C. Water-Related History of the BasinWater development began in the Northeast Wyoming River Basins when the stock growing industry expanded into the area following the Black Hills Gold Rush in 1875. Raising cattle and sheep required irrigation and soon ranchers were enjoying the cheap irrigation along small streams. In most of the planning area it became apparent storage would be required to enhance the available water supplies to support the expanding livestock industry. A number of small reservoirs were developed to provide the needed supplemental supply for late-season irrigation. In 1952 the U. S. Bureau of Reclamation constructed Keyhole Reservoir to provide irrigation water for Wyoming and South Dakota users.
D. Wyoming Water LawThe Wyoming constitution establishes water in the state to be the property of the state. Consequently, all development and management of water resources in Wyoming is governed by the water laws embodied in the Constitution and Statutes. These water laws are recognized as inviolate in the river basin planning program.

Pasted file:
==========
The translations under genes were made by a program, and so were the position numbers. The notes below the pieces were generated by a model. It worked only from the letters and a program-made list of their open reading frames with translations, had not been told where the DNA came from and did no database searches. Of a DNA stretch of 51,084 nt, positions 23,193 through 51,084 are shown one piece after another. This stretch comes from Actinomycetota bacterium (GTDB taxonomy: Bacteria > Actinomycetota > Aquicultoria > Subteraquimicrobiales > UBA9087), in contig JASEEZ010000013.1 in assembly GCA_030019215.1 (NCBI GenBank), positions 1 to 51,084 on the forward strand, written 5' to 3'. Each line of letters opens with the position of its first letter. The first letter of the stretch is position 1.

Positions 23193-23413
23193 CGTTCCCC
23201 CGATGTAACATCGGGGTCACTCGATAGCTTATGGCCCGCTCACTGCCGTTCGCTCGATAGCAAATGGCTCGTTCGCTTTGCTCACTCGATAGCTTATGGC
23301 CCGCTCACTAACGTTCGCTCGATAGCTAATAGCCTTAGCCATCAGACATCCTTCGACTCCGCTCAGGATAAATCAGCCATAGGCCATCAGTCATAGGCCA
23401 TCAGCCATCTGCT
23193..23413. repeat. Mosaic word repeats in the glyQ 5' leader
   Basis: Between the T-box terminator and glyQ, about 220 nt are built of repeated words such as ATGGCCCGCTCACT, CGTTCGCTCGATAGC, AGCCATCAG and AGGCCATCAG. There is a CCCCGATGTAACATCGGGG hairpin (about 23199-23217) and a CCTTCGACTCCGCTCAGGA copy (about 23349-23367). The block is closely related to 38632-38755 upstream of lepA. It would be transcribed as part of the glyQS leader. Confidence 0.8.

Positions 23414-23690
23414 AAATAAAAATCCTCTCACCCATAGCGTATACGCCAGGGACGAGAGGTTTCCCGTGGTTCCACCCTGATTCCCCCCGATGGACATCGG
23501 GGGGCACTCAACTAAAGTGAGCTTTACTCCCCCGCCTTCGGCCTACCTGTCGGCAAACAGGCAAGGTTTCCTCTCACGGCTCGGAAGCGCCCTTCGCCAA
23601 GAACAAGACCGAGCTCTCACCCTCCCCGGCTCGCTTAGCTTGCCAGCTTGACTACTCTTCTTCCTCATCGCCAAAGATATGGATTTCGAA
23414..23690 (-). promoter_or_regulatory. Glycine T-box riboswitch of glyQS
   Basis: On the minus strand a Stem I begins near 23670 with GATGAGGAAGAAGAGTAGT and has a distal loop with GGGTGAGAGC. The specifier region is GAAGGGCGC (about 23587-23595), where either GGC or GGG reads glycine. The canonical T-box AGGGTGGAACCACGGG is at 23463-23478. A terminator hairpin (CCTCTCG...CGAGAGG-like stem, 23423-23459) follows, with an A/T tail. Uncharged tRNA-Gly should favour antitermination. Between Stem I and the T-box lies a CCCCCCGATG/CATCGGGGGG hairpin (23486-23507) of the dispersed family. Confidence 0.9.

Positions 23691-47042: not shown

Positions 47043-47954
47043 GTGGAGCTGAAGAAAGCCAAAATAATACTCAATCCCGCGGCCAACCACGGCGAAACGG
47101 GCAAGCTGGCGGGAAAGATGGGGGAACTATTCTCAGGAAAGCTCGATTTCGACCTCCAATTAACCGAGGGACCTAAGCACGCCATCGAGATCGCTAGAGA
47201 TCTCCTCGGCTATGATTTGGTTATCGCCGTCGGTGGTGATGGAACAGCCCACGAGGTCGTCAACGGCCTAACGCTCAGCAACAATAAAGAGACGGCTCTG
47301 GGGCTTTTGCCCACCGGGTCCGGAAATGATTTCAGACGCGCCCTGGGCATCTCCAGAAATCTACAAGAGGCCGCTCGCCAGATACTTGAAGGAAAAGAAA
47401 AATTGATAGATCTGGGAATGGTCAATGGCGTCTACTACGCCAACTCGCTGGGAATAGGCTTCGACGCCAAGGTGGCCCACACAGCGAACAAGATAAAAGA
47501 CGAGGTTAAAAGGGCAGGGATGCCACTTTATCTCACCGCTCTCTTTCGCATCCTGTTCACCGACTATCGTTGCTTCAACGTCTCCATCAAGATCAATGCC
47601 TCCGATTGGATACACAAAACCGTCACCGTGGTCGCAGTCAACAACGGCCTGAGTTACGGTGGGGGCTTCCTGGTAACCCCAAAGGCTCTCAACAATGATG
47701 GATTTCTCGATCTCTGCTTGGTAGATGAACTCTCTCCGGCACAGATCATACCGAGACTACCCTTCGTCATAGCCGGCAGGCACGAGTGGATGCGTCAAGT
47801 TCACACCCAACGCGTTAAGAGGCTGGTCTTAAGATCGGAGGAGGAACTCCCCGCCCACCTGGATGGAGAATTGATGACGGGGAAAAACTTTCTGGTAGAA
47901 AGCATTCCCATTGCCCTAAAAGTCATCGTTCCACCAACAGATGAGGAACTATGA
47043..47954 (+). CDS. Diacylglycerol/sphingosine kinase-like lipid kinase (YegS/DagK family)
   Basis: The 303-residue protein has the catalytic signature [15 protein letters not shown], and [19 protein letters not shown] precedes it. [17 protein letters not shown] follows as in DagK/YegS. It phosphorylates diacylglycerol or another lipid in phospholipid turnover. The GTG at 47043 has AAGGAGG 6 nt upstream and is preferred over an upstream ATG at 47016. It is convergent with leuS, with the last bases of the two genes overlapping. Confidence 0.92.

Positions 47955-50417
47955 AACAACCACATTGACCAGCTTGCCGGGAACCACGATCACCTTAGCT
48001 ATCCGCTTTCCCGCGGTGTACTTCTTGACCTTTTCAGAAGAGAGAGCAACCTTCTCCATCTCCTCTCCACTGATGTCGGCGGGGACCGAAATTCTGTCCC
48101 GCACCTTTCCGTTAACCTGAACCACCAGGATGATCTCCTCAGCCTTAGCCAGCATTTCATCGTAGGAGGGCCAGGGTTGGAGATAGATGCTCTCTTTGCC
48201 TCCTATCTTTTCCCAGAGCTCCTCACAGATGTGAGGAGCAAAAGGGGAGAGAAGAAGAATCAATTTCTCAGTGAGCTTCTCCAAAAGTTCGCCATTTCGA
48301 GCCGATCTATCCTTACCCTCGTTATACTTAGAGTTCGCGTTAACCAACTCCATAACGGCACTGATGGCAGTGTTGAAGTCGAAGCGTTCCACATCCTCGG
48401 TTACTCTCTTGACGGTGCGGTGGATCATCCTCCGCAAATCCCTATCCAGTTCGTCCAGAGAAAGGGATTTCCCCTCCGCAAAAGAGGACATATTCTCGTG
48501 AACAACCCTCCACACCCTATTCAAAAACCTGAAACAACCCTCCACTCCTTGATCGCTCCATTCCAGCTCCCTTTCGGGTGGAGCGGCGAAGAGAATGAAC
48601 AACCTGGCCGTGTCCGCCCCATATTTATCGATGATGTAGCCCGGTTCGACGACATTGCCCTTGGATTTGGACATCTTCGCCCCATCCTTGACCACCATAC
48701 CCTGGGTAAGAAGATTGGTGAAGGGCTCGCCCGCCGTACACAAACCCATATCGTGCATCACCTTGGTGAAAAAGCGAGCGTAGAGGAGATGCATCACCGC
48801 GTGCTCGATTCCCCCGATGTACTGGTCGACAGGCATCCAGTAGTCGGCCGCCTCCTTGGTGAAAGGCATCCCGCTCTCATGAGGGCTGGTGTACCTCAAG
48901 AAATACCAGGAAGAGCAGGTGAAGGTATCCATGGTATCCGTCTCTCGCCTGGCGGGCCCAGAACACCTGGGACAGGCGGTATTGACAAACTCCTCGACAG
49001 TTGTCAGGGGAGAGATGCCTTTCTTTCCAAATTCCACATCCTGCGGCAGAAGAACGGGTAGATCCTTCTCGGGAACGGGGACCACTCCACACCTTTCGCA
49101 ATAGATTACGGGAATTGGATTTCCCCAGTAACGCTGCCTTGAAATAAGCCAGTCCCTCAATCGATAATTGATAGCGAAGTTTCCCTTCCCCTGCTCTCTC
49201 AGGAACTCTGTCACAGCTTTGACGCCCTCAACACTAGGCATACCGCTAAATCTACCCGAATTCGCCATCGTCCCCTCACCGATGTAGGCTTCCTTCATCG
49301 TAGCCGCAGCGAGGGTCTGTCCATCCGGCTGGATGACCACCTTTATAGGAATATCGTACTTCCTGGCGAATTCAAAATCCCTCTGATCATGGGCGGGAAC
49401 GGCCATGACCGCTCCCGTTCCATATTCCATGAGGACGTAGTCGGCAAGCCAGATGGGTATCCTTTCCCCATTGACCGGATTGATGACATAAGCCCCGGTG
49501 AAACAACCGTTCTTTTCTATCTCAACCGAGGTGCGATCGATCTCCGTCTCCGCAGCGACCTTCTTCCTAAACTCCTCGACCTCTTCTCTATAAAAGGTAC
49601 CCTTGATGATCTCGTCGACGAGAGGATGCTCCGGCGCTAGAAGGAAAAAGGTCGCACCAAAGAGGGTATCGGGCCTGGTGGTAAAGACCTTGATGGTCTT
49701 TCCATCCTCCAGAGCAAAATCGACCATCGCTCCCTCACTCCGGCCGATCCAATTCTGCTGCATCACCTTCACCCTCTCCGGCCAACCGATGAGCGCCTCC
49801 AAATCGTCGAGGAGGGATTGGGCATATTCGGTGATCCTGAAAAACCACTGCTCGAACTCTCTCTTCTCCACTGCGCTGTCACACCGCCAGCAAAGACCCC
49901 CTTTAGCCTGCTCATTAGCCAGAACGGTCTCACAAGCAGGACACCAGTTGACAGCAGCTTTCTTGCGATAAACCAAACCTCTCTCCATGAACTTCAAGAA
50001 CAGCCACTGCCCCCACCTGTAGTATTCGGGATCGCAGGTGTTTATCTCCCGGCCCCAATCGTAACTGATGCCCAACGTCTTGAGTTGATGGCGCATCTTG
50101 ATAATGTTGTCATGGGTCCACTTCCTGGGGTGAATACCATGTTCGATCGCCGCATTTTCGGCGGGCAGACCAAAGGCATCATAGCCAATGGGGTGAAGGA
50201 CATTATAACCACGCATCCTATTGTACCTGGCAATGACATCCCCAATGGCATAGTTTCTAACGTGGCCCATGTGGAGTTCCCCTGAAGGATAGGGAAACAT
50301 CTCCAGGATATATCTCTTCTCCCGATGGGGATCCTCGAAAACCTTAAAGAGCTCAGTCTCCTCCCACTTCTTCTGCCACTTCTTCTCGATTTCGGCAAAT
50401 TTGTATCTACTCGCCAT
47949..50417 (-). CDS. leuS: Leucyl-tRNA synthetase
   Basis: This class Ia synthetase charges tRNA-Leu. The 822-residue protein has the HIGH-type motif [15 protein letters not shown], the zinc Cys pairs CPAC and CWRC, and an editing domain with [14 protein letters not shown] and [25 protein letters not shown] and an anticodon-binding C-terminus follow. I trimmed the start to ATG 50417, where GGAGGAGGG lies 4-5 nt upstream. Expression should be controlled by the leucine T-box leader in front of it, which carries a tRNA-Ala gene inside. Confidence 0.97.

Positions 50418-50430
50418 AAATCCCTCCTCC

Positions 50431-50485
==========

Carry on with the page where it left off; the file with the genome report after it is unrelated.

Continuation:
The use of water is administered by the State Engineer and the State Board of Control which consists of the State Engineer and the Superintendent of each of the four water divisions of the state. Water is administered under the prior appropriations doctrine that dictates the water right with a senior or earlier priority date is entitled to receive its full amount before water rights with later, or junior, priority dates receive any of their allocation. The priority date of a water right is established as the date the water right application is filed with the State Engineer. Before water is available for use by a new project all water rights with priority dates senior to the priority of the proposed project need to be satisfied.
E. Interstate CompactsOther significant events in the water history of the basins are the negotiation, adoption, and ratification of the Belle Fourche River Compact in 1943 and the Upper Niobrara River Compact in 1962.